by Chris Watson, ©2000
In 1911, an aboriginal “wild man” walked into the twentieth century white man's world. I will describe how the media of those days portrayed the last wild Native American, Ishi, and I will propose some possible reasons why he was portrayed that way. Anthropology was a relatively new subject then, and Alfred Kroeber was a rising star in California. He was the sponsor of Ishi. I will describe some possible motivations of Kroeber before and after his time with Ishi, based on what I have been able to find out about mankind in general and Alfred Kroeber in particular.
In August of 1911, an emaciated man walked into a slaughterhouse near Oroville, California, where he was discovered and turned over to the local sheriff. Nobody could understand his language. It was likely that he was one of the Deer Creek Indians (also known as Mill Creek Indians), who had been thought to be extinct until a surveyor's party had literally stumbled across their hiding place two years before, but how could anyone tell who he was since nobody could understand him? (Heizer and T. Kroeber: 92).
The first professor of the new Anthropology department at Berkeley, Alfred L. Kroeber, sent an associate, Thomas T. Waterman, with a list of words of a nearby tribe thought to be related to the “wild man” (Riffe and Roberts, 1992). Some communication was possible, but not much because the “wild man” was the last of his tribe, and the other tribe's language was not the same as his. Eventually, the Bureau of Indian Affairs gave permission for this man to go to the museum in San Francisco to be studied. The “wild man,” now called Ishi, became a popular sensation. He lived several years at the museum, even working as a janitor there to earn his own keep, before dying of tuberculosis in 1916.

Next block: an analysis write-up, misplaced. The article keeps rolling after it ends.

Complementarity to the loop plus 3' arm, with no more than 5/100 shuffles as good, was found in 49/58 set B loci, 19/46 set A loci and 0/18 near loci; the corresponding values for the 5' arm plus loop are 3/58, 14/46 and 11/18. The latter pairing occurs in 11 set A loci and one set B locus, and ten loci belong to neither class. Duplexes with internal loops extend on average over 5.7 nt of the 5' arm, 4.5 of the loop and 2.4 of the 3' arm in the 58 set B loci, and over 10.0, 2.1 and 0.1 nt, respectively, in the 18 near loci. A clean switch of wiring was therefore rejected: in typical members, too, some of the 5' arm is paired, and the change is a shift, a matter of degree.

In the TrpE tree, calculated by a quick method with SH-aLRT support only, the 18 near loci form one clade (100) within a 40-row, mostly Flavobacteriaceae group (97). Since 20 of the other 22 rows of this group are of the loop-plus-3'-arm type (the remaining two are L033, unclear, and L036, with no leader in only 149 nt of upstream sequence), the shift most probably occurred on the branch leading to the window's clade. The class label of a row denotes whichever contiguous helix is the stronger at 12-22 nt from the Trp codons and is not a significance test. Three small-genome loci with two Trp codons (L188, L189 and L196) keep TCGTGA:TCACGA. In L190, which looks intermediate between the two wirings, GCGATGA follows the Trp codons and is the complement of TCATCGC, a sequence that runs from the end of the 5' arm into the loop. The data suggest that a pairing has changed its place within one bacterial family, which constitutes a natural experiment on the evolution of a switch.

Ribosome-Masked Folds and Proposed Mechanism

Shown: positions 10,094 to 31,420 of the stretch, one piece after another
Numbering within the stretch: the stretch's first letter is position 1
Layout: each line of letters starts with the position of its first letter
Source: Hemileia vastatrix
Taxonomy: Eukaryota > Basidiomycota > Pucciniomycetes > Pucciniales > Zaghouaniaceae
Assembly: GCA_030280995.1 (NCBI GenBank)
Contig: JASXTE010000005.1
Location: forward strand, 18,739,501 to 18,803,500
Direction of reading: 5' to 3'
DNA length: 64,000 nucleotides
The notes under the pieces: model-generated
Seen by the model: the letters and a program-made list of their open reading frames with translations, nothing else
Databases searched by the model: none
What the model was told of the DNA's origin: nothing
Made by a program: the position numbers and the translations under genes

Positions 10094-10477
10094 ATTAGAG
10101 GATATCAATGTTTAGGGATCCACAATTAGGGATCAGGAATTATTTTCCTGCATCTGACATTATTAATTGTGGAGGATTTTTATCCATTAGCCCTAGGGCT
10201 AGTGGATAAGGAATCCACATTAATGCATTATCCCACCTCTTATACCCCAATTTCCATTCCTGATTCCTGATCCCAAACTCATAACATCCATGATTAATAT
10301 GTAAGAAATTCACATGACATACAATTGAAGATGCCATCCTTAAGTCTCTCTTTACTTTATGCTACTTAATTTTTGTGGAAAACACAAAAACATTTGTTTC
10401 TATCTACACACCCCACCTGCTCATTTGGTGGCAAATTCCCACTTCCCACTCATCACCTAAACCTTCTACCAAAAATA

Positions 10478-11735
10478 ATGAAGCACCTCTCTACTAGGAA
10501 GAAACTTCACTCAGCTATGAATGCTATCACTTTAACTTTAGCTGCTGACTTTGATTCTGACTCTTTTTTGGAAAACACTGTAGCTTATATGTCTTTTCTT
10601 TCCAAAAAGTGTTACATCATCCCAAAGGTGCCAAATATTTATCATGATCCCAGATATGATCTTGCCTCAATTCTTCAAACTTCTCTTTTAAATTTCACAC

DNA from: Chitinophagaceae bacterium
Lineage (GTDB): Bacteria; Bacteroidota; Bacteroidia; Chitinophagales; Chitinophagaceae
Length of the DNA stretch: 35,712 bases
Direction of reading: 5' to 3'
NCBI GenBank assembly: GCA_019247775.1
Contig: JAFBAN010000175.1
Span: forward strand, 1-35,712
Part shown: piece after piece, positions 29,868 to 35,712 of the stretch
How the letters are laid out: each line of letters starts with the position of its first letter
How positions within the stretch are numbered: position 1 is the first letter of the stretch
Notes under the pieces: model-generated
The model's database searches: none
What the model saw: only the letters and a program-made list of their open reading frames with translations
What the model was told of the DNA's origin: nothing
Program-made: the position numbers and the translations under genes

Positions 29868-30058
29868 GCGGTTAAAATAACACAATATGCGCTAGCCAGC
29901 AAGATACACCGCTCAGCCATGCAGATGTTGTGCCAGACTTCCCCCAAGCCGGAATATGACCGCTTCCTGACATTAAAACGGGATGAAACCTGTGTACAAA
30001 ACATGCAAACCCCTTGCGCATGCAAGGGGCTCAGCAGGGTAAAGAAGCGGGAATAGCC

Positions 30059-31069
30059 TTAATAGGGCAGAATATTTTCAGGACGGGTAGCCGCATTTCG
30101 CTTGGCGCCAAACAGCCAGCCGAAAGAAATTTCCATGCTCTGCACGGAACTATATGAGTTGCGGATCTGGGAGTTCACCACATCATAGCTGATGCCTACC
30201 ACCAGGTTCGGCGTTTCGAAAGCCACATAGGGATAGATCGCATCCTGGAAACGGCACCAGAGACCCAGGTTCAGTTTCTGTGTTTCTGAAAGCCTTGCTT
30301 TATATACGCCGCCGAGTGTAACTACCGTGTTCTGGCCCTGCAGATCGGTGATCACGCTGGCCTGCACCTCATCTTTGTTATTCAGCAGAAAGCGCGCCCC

All who spent time with him grew to respect Ishi's character. Ishi spent much time with Saxton Pope, an instructor at the University Medical School. Dr. Pope said of Ishi, “His affability and pleasant disposition made him a universal favorite” (Heizer and T. Kroeber: 225). T. T. Waterman described Ishi in this way: “He had…an inborn considerateness, that surpassed in fineness most of the civilized breeding with which I am familiar” (Heizer and Whipple: 293). When Ishi died, Waterman said: “He was the best friend I had in the world” (Riffe and Roberts). When the film by Jed Riffe and Pamela Roberts shows Ishi leaving Oroville at the train station in 1911, the narrator says: “I would have liked to have had some more time with him. I always thought there was something there I should know, that I would like to know.”
What impresses me the most is how Ishi showed no bitterness towards the white people who had slaughtered his people. There were many massacres. I was especially sickened to hear of the Kingsley Cave massacre in 1871, in which one of the white men switched from a rifle to a revolver “because the rifle tore them up so bad, particularly the babies” (Riffe and Roberts). It is difficult for me to believe that these same white men were local heroes in their community. It makes me ashamed to be a human being.
The newspaper reporters were angry when the Indian wouldn't tell them his name or anything about his past. When I think of how his people were massacred, it angers me that they asked him to talk about it. Even if Ishi had shared his private memories, I am fairly sure the newspapers would not have dared to print the truth for fear of offending their white readers. After all, their primary job is to sell papers, not to report the truth! According to a textbook by Garbarino and Sasso, in the culture of all California Indians the names of the dead were never mentioned (196). The film by Riffe and Roberts says that Ishi believed that if the dead spirits hear their names, they might take it as a summons.
We never did learn his name for himself. Kroeber wrote in “Ishi, the Last Aborigine”: “The strongest Indian etiquette…demands that a person shall never tell his own name, at least not in reply to a direct request” (Kroeber: 12). Kroeber called him Ishi, which means “man” in Yana, and that is all we know him by. Thomas Merton wrote a meditation on the subject of Ishi and the disappearance of the Yahi Indians, which concludes: “In the end, no one ever found out a single name of the vanished community. Not even Ishi's. For Ishi simply means MAN.” (32).